By Irina Slav
Project cancellations, spending cuts, well shut-ins: the problems and dilemmas plaguing onshore oil producers have also spread to offshore. And while the effects of the Covid-19 pandemic on onshore drilling may already be wearing off here and there where drilling is cheap, they may linger for longer offshore.
Despite major progress made by oil companies in the cost department, offshore drilling often remains more expensive than onshore drilling, not least because the process of extraction is more complex. These are costs that one can’t cut or forgo. What this means in the current environment, is that offshore oil may suffer more than onshore oil.
In the North Sea, almost a third of the oil left on the UK continental shelf is no longer economical to extract, a recent study found. According to it, with Brent crude at $45 a barrel, 28 percent of the oil was uneconomical. But Brent hasn’t traded at $45 a barrel for months and is unlikely to reach even $40 a barrel by the end of this year if we are to believe oil analysts. This means that more oil will become uneconomical, and not just in the North Sea.
In the U.S. section of the Gulf of Mexico, Baker Hughes reported a rig count of just 12 in its latest weekly rig count report. That’s down from 22 in March and 19 in April. Forbes’ Scott Carpenter notes this was the lowest weekly rig count in ten years. And it is not unlikely the rig count will continue to fall if prices stay where they are. Meanwhile, production platforms are shutting down, too.
When shale drillers began suspending production because their breakeven prices were higher than the production costs of a barrel of oil in most parts of the U.S. shale patch, there was worry some of that production may be lost forever. The same is true of offshore production. The Wall Street Journal reported last month that producers in the Gulf are shuttering production, and many fear it might take years before this production returns. What is happening in the Gulf of Mexico is happening elsewhere as well, with producers pressured by crippled demand.
“I felt like I had a pretty good handle on it (2020 activity) three weeks ago, but I just don’t know right now,” one industry executive told WorkBoat in mid-March. “What I would have told you then is that based on what we saw through the course of 2019, and even at the beginning of this year, activity was increasing in the deepwater,” the executive VP of Jackson Offshore Operators said.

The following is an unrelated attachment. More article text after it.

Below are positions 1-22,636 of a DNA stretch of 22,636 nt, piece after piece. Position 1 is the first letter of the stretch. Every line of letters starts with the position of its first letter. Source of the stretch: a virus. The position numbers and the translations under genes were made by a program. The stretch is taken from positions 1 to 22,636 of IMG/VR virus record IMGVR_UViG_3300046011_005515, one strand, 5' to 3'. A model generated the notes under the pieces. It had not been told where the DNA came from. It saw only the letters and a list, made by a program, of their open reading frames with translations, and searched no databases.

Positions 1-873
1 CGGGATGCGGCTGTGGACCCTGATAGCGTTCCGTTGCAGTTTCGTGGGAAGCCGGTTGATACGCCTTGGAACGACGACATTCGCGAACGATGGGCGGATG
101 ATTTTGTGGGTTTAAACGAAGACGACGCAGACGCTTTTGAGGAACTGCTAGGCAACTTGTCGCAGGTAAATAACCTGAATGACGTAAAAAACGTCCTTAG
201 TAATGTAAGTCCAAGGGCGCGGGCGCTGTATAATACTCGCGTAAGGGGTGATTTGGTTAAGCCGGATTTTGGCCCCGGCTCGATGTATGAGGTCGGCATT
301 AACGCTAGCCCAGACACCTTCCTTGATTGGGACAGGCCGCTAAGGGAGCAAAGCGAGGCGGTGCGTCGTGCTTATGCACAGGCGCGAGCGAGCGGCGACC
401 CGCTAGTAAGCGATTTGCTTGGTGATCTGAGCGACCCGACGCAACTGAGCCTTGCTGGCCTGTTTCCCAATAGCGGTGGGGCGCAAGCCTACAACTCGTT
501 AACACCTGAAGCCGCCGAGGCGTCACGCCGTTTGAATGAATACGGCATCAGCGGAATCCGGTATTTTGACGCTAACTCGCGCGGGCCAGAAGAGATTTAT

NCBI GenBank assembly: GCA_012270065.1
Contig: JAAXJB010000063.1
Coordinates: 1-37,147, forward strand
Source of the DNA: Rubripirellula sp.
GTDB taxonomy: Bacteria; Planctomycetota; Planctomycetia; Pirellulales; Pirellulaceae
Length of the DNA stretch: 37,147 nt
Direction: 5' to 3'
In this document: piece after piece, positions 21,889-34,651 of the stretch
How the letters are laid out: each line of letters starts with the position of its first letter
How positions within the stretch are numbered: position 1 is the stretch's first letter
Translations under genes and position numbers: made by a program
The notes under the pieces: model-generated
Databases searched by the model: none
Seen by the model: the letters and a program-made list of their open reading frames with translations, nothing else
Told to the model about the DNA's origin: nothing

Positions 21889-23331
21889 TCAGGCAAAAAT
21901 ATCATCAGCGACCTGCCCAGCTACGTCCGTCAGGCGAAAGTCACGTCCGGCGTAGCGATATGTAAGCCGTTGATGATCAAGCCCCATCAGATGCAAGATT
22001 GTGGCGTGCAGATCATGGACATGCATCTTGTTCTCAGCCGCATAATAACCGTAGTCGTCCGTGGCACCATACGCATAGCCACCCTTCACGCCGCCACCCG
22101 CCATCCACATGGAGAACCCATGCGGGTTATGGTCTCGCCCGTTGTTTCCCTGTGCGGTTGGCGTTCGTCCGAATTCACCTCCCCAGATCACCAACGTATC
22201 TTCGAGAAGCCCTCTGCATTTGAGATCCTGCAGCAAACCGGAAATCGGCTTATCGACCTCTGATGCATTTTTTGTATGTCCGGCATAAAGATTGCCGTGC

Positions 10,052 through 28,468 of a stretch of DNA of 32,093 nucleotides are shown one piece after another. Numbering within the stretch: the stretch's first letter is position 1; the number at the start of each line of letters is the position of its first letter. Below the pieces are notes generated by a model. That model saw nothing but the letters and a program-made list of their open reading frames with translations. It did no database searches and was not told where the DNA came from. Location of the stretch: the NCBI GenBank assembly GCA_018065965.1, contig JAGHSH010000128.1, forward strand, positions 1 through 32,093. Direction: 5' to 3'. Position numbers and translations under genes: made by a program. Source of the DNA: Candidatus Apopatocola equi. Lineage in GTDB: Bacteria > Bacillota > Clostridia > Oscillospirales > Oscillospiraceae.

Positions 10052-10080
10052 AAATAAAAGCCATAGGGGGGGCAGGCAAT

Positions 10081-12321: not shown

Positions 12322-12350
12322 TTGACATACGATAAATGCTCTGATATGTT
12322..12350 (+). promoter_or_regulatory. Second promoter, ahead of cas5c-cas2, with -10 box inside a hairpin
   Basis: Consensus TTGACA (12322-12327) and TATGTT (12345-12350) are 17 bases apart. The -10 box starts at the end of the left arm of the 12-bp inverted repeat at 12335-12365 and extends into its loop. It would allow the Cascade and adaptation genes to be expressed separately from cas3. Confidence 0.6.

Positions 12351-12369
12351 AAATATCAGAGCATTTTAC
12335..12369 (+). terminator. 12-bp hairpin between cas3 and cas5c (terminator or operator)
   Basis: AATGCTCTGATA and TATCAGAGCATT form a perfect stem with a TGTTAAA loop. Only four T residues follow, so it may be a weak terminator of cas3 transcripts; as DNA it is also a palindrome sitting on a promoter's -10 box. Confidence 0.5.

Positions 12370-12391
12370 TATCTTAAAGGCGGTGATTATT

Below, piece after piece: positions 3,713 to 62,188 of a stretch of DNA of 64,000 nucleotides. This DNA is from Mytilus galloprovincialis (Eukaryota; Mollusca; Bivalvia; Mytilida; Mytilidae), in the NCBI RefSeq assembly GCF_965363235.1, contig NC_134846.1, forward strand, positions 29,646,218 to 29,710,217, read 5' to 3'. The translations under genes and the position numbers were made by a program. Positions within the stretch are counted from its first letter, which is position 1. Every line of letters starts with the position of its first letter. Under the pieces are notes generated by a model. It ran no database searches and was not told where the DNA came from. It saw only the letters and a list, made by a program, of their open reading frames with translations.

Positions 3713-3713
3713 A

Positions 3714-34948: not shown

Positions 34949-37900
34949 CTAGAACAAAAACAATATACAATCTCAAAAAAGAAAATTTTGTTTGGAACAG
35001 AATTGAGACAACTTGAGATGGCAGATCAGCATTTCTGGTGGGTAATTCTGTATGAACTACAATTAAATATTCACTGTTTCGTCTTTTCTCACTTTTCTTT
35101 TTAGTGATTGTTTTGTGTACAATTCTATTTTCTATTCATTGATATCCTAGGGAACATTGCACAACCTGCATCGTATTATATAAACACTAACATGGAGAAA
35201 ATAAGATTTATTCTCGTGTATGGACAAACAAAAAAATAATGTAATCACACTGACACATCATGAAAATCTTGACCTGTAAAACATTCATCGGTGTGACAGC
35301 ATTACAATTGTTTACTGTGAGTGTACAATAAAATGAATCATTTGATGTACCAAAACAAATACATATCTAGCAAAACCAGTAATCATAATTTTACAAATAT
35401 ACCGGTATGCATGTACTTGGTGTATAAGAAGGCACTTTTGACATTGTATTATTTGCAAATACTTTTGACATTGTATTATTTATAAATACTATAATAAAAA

The truth is, nobody knew any of this would happen. The oil industry was caught unawares by both the price war and the pandemic, and it is still reeling from the blow. In the offshore segment, there appear to be three main challenges, according to Rystad Energy: a sharp drop in offshore oilfield services and equipment, financial vulnerability, and excessive capacity, Offshore Magazine’s Jessica Stump reported last month.
These are by no means unique to offshore but they may have more severe consequences there: offshore projects take longer to get from approval to launch, which means the current project delays—and the cancellations—could stump offshore production growth for years, if not permanently.
Then there are the bankruptcies. According to Rystad Energy, the Covid-19 pandemic could lead to a drop of $5 billion in oilfield services purchases in Europe—a continent that extracts almost all of its oil offshore—which means that a fifth of providers of these services could go under. And Europe is not the only place where offshore oil accounts for most or all oil output.
Many frontier regions, notably in Africa and South America, would suffer setbacks because of the crisis, which IHS Markit estimates may wipe out 14 percent of oil demand this quarter. That’s about 14 million bpd, based on 2019 oil demand of some 100 million bpd. Others are more pessimistic. BP expects demand decline during the second quarter of 16 million bpd. Rystad estimates demand loss at as much as 27 million bpd for April alone, and Trafigura sees the April demand loss at 35 million bpd.
Offshore oil accounts for almost a third of the global total. It tends to be costlier to extract than onshore oil, but it has a longer life than unconventional onshore oil. A whole segment of oilfield services is focused exclusively on offshore drilling and production. Many of the companies in that segment might not survive the crisis.
And then there are the wider economic repercussions of the offshore oil crisis. For areas such as Brazil and the Gulf of Guinea, project delays and cancellations in offshore projects, which have suddenly become too expensive to develop, would mean economic trouble on top of already weak oil revenues because of international prices.
Last time, offshore oil emerged from the crisis leaner, more cost-efficient, and with lower breakevens, among the supermajors, at least. We are yet to see how the industry will emerge from this crisis.